The reflection addresses the process of online research. It reflects an understanding of the process and a response to the activity,

 

The reflection shows an understanding of the process and a response to the activity,

 

It responds to the activity,

 

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Curriculum to help students formulate
policies, guidelines and procedures

Posted by on Jul 8, 2015 in Blog, Ethical Issues, Legal issues, News, Scholastic Journalism, Teaching | 0 comments

Lesson Title

Ethical guidelines and procedure statements: Creating the foundationsprclogo

Description
In this lesson, students will analyze current policies and write guidelines and procedures. Students will then analyze the others’ classwork and provide feedback. Students will be able to rewrite their contribution after the feedback is given. Students will also audit the publication’s diversity.

Objectives

  • Students will analyze their board- or media-level policies.
  • Students will construct guidelines and procedures.
  • Students will examine these guidelines and procedures and revise after receiving feedback.

Common Core State Standards

CCSS.ELA-LITERACY.W.9-10.1 Write arguments to support claims in an analysis of substantive topics or texts, using valid reasoning and relevant and sufficient evidence.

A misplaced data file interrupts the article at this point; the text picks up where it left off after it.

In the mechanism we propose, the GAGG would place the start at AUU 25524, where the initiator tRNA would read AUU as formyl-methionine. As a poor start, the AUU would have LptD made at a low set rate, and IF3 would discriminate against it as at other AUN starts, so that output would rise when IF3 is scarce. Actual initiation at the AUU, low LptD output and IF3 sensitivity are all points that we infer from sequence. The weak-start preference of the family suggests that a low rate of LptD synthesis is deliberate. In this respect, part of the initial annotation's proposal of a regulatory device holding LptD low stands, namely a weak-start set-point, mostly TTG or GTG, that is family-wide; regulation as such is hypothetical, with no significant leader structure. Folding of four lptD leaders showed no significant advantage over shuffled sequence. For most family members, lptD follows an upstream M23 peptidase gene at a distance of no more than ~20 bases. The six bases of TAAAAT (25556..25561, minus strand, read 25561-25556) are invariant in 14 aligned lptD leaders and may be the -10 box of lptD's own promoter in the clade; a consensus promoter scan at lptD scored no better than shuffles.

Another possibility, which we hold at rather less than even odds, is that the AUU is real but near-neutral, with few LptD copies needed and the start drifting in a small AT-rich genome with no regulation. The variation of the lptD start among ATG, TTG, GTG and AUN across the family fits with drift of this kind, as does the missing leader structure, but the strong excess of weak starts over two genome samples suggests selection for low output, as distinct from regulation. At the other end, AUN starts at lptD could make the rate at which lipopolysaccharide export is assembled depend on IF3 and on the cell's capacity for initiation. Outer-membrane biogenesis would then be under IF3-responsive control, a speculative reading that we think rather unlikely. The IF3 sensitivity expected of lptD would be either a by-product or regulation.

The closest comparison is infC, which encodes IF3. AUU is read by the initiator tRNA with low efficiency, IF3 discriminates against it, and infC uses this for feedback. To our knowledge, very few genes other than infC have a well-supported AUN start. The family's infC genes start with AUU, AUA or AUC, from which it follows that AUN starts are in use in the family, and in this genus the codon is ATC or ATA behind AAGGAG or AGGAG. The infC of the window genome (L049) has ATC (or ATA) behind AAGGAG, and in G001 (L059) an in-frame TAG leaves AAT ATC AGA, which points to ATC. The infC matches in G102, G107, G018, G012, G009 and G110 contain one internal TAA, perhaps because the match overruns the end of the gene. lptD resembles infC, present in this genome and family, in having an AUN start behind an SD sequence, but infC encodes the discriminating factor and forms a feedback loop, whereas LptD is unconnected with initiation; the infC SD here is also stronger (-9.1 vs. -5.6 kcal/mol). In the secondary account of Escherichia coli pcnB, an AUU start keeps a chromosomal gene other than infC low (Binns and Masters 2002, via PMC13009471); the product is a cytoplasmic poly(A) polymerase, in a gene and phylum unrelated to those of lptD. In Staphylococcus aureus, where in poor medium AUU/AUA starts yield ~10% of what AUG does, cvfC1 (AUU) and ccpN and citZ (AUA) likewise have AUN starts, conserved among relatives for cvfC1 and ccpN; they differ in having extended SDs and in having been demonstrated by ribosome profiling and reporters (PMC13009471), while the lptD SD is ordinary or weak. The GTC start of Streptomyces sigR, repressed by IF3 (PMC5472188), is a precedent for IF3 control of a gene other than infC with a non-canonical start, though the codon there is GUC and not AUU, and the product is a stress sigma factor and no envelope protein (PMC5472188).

CCSS.ELA-LITERACY.W.9-10.2 Write informative/explanatory texts to examine and convey complex ideas, concepts, and information clearly and accurately through the effective selection, organization, and analysis of content.
CCSS.ELA-LITERACY.W.9-10.7 Conduct short as well as more sustained research projects to answer a question (including a self-generated question) or solve a problem; narrow or broaden the inquiry when appropriate; synthesize multiple sources on the subject, demonstrating understanding of the subject under investigation.
CCSS.ELA-LITERACY.W.9-10.8 Gather relevant information from multiple authoritative print and digital sources, using advanced searches effectively; assess the usefulness of each source in answering the research question; integrate information into the text selectively to maintain the flow of ideas, avoiding plagiarism and following a standard format for citation.
CCSS.ELA-LITERACY.W.9-10.9 Draw evidence from literary or informational texts to support analysis, reflection, and research.
CCSS.ELA-LITERACY.W.9-10.9.B Draw evidence from literary or informational texts to support analysis, reflection, and research.

Length
300 minutes (6 50-minute classes)

Materials / resources
Resource: Editorial guidelines and policy statements, SPRC website
Resource: Working with a board approved policy, SPRC website

Lesson step-by-step

Day 1:
Materials / resources
Slideshow, Day 1: version 1 or Day 1: version 2  (See below for the version you should use.)

Teacher should have copies of either the board-level and/or media-level policies applicable to student media. (If no policy exists, students will work together to create a First-Amendment friendly one and use version 2 of the slideshow.)

If a board or media-level policy exists:
Step 1: Show slideshow (50 minutes)